Agency targets system that includes rear-mounted video camera and in-vehicle visual display

Jan. 1, 2011
THE National Highway Traffic Safety Administration (NHTSA) is proposing to expand the current rear-visibility requirements of all passenger cars, multi-purpose

THE National Highway Traffic Safety Administration (NHTSA) is proposing to expand the current rear-visibility requirements of all passenger cars, multi-purpose passenger vehicles, trucks, buses, and low-speed vehicles with a gross vehicle weight rating (GVWR) of 10,000 or fewer pounds by specifying an area behind the vehicle that a driver must be able to see when the vehicle is in reverse gear.

This rulemaking action is being undertaken in response to the Cameron Gulbransen Kids Transportation Safety Act of 2007, which required that NHTSA undertake rulemaking to expand the required field of view to enable the driver of a motor vehicle to detect areas behind the vehicle to reduce death and injury resulting from backing incidents known as backover crashes. A backover crash is a specifically defined type of incident in which a non-occupant of a vehicle (most commonly, a pedestrian, but it could also be a cyclist) is struck by a vehicle moving in reverse.

The proposed rule appeared in the Federal Register on December 7, 2010 (49 CFR Parts 571 and 585). Comments must be received by February 7.

NHTSA believes that the only technology available with the ability to comply with this proposal would be a rear-visibility system that includes a rear-mounted video camera and an in-vehicle visual display.

“In light of the difficulty of effectively addressing the backover safety problem through technologies other than camera systems, and given the differences in the effectiveness and cost of the available technologies, we developed several alternatives that, compared to the proposal, offer less, but at least in one case still substantial, benefits and do so at reduced cost,” NHTSA says, referring to looking directly out the vehicle's rear window, indirect vision via rear-mounted convex mirrors, and rear-object-detection sensors.

NHTSA's assessment of available safety data indicates that on average there are 292 fatalities and 18,000 injuries (3000 of which NHTSA judges to be incapacitating) resulting from backover crashes every year. Of those, 228 fatalities and 17,000 injuries were attributed to backover incidents involving light vehicles (passenger cars, multipurpose passenger vehicles, trucks, buses, and low-speed vehicles) with a GVWR of 10,000 or fewer pounds.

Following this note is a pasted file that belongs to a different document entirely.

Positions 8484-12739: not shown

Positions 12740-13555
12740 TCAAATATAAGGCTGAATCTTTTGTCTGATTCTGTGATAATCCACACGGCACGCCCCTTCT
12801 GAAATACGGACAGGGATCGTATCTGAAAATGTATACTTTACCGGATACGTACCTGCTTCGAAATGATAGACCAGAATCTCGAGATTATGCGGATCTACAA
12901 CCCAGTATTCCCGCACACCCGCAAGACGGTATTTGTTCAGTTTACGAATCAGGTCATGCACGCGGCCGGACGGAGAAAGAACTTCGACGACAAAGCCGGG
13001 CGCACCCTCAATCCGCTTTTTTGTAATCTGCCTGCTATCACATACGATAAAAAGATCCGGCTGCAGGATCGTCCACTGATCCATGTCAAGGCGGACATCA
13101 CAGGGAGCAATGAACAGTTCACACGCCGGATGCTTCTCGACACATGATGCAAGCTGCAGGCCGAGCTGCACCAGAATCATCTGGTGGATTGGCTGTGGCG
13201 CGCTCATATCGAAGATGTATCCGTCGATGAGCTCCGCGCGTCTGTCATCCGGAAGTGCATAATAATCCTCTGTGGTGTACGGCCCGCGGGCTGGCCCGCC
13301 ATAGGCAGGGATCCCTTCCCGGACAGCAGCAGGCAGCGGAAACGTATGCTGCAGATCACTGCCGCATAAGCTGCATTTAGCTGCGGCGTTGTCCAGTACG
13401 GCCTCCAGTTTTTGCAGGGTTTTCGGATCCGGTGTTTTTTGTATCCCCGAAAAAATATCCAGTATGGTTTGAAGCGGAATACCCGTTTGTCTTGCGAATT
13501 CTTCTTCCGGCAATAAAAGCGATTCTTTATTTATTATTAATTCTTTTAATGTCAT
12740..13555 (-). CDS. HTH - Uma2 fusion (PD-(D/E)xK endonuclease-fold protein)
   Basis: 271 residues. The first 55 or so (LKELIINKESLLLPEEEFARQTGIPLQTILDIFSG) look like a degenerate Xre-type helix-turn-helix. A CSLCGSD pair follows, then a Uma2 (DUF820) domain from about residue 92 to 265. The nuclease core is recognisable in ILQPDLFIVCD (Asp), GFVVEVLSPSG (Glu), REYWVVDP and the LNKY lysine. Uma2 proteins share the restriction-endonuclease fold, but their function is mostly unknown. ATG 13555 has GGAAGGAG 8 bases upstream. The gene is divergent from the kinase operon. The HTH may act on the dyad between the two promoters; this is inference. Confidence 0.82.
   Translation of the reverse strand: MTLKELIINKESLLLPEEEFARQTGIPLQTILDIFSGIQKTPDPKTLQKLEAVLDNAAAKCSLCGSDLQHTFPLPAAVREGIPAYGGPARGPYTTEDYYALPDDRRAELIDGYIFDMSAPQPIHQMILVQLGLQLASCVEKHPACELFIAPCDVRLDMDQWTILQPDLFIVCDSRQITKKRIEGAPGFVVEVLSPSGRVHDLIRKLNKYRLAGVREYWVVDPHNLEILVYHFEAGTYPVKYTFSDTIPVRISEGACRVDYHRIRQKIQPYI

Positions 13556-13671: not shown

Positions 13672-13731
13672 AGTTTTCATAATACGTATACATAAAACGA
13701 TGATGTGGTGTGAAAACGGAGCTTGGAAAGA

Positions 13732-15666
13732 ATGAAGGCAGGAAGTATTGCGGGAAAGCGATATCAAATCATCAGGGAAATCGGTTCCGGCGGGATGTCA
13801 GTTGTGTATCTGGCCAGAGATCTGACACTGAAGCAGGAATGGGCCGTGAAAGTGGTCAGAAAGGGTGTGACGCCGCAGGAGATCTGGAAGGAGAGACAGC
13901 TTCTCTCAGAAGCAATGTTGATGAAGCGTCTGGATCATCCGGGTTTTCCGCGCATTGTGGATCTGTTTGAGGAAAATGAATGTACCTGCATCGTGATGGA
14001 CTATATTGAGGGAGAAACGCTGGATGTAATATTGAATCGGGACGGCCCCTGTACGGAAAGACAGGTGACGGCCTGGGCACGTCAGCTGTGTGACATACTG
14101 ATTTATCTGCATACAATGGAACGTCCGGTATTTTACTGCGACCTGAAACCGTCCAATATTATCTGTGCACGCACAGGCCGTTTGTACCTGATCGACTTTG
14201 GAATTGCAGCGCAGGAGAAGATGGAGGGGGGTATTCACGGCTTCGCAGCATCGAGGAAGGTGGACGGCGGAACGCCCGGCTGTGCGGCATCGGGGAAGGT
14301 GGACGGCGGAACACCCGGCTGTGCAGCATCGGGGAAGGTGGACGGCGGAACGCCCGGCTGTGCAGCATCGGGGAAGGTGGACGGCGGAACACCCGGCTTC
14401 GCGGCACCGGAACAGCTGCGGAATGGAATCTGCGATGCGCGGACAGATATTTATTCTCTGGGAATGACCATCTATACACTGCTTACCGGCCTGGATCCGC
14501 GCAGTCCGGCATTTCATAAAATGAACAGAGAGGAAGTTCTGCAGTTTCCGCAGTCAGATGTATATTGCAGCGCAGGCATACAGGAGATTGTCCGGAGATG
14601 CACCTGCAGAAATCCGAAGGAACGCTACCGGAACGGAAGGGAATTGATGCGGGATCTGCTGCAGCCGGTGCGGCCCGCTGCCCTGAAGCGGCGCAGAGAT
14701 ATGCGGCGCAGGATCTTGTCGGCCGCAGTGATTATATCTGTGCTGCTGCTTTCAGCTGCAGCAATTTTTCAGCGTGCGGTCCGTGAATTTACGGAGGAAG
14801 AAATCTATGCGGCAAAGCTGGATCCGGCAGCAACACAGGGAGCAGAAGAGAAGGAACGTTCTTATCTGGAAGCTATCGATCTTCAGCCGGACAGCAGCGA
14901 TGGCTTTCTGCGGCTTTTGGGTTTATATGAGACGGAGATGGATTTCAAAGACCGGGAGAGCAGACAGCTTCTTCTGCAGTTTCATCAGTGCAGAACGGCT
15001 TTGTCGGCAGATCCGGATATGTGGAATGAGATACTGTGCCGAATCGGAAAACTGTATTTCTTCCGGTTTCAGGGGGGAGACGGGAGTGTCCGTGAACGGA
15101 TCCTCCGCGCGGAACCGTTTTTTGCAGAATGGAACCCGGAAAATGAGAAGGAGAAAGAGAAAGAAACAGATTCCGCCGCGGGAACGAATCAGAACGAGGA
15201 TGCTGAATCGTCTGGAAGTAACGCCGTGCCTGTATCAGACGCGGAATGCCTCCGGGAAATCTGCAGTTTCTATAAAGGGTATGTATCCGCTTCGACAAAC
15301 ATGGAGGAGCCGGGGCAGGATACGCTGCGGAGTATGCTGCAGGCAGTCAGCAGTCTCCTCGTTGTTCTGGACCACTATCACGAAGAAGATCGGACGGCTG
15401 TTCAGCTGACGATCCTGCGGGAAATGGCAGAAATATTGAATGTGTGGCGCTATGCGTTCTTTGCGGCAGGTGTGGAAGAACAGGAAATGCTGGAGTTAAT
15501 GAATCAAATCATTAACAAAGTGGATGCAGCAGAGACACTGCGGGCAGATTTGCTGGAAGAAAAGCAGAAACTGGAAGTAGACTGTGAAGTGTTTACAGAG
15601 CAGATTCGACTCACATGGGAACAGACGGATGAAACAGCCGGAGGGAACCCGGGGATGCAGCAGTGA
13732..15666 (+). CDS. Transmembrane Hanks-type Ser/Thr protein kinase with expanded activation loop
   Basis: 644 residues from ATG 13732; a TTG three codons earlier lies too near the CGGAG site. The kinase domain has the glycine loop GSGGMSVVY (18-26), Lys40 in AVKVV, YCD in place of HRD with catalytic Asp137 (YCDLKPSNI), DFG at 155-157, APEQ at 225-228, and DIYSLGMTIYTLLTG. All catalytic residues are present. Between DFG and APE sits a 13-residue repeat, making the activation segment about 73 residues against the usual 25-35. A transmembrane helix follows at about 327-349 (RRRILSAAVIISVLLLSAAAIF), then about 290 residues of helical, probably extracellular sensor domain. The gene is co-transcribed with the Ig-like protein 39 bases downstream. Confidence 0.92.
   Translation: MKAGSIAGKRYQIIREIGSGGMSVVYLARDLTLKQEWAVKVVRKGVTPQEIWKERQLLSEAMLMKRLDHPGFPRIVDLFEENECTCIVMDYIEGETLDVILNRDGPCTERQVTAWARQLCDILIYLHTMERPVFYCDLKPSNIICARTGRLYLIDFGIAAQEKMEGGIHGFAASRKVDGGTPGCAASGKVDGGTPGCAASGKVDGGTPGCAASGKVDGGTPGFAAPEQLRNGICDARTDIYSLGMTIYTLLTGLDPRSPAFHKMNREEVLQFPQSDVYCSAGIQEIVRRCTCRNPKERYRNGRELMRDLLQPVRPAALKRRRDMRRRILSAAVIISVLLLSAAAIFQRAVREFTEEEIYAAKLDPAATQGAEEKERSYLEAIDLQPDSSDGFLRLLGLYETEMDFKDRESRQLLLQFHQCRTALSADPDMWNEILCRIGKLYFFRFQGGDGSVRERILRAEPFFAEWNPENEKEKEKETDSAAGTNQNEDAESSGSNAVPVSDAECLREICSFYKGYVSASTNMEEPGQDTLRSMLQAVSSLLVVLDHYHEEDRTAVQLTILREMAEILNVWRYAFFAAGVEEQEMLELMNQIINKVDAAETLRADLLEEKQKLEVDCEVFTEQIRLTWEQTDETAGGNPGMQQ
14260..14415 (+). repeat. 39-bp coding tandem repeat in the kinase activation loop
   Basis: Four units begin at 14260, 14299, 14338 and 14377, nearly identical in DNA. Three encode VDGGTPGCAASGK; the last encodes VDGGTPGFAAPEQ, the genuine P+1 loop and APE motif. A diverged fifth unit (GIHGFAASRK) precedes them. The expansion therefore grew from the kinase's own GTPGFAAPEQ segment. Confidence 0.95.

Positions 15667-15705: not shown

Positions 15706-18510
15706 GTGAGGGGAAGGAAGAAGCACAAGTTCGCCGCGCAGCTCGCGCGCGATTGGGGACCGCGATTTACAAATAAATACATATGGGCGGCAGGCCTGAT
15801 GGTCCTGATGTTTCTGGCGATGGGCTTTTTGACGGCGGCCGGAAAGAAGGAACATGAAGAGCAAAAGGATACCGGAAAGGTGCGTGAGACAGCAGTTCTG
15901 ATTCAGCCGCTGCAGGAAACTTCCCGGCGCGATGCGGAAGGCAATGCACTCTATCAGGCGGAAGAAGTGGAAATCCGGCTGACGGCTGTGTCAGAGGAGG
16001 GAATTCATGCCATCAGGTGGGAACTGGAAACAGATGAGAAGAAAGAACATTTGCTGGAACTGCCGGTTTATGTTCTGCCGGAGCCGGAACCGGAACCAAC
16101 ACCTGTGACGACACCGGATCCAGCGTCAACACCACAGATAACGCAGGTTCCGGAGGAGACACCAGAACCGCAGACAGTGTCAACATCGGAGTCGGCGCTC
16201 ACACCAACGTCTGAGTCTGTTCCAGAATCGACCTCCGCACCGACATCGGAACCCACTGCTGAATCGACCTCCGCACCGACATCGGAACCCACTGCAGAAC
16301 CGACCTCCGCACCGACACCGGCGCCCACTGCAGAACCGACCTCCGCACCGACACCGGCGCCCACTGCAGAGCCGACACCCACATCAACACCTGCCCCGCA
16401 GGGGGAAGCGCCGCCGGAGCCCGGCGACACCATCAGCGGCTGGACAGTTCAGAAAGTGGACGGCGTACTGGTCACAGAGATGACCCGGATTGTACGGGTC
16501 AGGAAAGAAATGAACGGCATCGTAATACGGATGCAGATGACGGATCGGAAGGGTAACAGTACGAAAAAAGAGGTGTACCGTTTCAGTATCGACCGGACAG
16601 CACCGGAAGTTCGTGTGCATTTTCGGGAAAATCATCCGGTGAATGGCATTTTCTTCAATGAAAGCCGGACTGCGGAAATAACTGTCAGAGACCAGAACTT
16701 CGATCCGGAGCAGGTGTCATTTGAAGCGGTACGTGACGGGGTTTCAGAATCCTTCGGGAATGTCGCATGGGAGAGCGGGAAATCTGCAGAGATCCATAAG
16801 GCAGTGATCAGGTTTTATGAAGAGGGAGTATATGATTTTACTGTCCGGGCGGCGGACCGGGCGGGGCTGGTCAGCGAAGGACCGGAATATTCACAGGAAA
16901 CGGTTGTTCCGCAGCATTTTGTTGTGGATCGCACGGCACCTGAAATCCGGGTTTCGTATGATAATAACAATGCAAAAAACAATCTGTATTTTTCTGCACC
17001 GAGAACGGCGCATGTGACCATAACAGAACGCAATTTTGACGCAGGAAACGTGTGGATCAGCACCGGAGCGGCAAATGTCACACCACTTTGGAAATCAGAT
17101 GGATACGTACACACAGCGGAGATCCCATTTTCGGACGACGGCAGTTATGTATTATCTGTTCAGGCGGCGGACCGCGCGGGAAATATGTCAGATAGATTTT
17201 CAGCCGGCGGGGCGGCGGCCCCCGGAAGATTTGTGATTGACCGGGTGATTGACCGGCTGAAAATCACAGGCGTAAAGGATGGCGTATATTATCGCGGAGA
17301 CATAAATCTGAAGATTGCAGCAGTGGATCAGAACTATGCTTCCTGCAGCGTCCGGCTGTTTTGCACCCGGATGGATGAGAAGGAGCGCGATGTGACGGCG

In analyzing the data, NHTSA made several tentative findings:

  • Many of these incidents occur off public roadways, in areas such as driveways and parking lots and involve parents (or caregivers) accidentally backing over children.

  • Children under 5 years of age represent approximately 44% of the fatalities, which NHTSA believes to be “a uniquely high percentage for a particular crash mode.”

  • When pickups and multipurpose passenger vehicles strike a pedestrian in a backover crash, the incident is four times more likely to result in a fatality than if the striking vehicle were a passenger car.

Thirty-seven entities commented in response to the Advanced Notice of Proposed Rulemaking (ANPRM). Industry associations submitting comments included the Alliance of Automotive Manufacturers (AAM), the Association of International Automobile Manufacturers (AIAM), the Automotive Occupant Restraints Council (AORC), and the Motor & Equipment Manufacturers Association (MEMA). Vehicle manufacturers submitting comments included Ford, General Motors, Honda, Mercedes-Benz USA, and Nissan, as well as Blue Bird, a manufacturer of buses. Several equipment manufacturers also submitted comments, including Continental, Delphi, Gentex, Magna, Sony, and Takata.

With regard to the issue of which vehicles most warrant improved rear visibility, vehicle manufacturers generally wanted to focus any expansion of rear visibility on the particular types of vehicles (trucks, vans, and multipurpose passenger vehicles within the specified weight limits) that they believed posed the highest risk of backover crash fatalities and injuries. Vehicle safety organizations and equipment manufacturers generally suggested that all vehicles need to have expanded rear fields of view.

NHTSA received one comment, from Blue Bird, asserting that buses should not be subject to improved rear-visibility requirements.

“First, Blue Bird noted that the backover statistics presented by NHTSA did not show any apparent backover crashes caused by buses,” NHTSA says. “Second, it stated that most drivers of buses are required to obtain commercial driver licenses (CDLs), and that these drivers are subjected to additional training, limiting the chances of backover crashes. The company also stated that mirrors, in any of several configurations, would not be able to provide an adequate field of view to the rear of a bus, and would present exceptional mounting difficulties. Additionally, because many buses (such as school buses) are not equipped with navigation screens, the costs for installing rearview video systems in these vehicles would be higher than the average for passenger vehicles.”